Circle of everyday violence
Most women in India live a terribly hard life. Discriminated against from birth, two out of three women are victims of domestic violence. Every fifth women in this country is a victim of rape, attempted rape or abuse of one kind or another. Even though by Indian law men and women are equal, real life paints a different picture. Discrimination and abuse of women is constantly growing into a bigger problem. Whilst most western women are seen as equal to men, many Indian women get oppressed through beatings and other acts of violence. Many abused women are Dalit women, belonging to the lowest cast in India. They are not only victims of violence from their own social class, but also from members of higher casts.
I spent more than one year in India. I met many women, both strong and interesting Women. Amongst them only a few could resist the
violence they were faced with. In the beginning, during my first trip to India, it was very difficult for me as a western woman to find access into the world of the Indian women. Where are they, all the Indian women? One rarely meets them on the streets and if so, mostly in the company of men.
But slowly I got to know the inside story of their daily lives. By living amongst Indian women I could get a deeper look inside their world. A world of constantly being busy, from dawn till late after dusk. Their daily chores- exhausting. Over and over again, I was surprised by these fragile looking yet strong, small bodies. I admired their optimism, happy to see the dignity these women kept, and happy to hear their moments of laughter.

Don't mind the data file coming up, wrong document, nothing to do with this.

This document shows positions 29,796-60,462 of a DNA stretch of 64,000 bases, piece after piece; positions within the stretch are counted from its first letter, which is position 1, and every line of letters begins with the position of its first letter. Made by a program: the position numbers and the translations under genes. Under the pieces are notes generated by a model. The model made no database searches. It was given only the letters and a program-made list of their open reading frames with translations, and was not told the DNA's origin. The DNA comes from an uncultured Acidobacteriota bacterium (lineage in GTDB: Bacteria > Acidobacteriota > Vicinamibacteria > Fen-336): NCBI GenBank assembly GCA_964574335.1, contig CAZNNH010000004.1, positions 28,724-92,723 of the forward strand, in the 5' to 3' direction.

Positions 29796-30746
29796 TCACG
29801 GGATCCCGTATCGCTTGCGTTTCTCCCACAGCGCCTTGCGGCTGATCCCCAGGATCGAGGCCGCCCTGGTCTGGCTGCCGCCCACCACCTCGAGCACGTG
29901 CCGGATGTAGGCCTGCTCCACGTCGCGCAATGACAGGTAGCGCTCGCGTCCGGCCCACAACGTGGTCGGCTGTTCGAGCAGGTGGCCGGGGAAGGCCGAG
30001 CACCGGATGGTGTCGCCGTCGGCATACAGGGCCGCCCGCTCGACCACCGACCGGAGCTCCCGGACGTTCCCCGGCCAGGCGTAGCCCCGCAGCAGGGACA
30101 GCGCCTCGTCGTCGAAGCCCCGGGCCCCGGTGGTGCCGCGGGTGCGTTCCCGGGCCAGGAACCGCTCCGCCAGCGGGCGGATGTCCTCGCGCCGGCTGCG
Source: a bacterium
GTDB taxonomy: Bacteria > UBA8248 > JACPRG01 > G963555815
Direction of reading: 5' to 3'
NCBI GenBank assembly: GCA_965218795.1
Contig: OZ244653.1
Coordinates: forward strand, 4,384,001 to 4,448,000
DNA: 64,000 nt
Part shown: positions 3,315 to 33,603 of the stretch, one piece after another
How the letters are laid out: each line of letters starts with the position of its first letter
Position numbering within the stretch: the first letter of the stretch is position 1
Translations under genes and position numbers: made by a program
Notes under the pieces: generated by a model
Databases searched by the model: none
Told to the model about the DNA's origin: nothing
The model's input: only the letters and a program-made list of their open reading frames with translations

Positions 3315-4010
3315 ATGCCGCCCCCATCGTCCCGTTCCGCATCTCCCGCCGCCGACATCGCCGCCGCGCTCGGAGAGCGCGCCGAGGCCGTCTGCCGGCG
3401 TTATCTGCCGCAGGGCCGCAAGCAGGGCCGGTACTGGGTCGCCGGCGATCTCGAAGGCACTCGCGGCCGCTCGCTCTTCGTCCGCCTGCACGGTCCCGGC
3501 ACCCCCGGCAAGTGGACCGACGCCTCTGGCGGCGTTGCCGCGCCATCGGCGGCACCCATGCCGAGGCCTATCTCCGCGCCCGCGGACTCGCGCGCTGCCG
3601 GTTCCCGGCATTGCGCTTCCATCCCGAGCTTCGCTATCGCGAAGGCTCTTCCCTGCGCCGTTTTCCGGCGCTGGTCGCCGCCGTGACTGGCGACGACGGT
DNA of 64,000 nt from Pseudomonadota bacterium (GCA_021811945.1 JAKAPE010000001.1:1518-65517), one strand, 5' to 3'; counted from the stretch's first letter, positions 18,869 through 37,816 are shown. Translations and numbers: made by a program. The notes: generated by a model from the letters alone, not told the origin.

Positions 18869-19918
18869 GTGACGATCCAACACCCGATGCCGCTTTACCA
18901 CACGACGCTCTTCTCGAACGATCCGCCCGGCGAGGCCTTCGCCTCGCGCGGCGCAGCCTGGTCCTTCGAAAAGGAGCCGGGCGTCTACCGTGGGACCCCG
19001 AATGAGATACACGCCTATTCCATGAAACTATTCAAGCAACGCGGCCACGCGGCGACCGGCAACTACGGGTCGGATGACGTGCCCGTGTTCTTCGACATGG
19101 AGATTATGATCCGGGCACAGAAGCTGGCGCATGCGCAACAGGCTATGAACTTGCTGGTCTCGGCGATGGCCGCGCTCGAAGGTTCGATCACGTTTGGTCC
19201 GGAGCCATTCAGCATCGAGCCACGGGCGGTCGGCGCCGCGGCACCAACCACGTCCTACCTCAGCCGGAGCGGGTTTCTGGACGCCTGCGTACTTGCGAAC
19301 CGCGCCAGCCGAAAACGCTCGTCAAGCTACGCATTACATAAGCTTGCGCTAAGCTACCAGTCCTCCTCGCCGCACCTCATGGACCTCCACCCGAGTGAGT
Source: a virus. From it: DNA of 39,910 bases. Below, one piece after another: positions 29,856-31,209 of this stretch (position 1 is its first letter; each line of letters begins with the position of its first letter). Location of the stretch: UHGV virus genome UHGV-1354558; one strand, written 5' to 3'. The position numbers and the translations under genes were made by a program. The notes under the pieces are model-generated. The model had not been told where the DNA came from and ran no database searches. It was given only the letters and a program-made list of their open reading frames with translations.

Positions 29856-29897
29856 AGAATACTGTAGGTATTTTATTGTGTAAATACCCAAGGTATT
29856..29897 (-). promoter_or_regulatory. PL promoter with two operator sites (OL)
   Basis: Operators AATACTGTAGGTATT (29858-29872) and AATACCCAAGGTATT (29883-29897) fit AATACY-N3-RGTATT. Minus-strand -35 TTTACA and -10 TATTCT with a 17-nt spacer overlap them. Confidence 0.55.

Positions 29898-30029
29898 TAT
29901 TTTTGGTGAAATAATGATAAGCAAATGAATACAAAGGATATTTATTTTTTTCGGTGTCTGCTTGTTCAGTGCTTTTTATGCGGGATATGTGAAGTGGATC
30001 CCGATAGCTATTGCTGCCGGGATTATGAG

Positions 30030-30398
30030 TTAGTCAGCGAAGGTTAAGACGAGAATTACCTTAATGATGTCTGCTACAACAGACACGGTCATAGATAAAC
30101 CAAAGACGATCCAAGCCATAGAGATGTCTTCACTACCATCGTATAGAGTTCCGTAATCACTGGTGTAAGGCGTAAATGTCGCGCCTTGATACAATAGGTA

But I was also surprised to see the circle of violence and affliction perpetuated through so many generations. Even though parents had themselves experienced the distress of childhood marriage, they subjected their children to the same practice. And even though they themselves had often been badly treated by their in-laws, most mother in-laws’ welcomed the younger women only as good labour but unwelcome eaters. Fathers’ and grandfathers’ serve as the examples for men. Most men show as little respect for their own wives as their fathers do for their mothers.
Again and again, the question ‚why?‘ surfaces in my mind. In searching for answers, I began to take portraits of the women I met and capture their stories in pictures.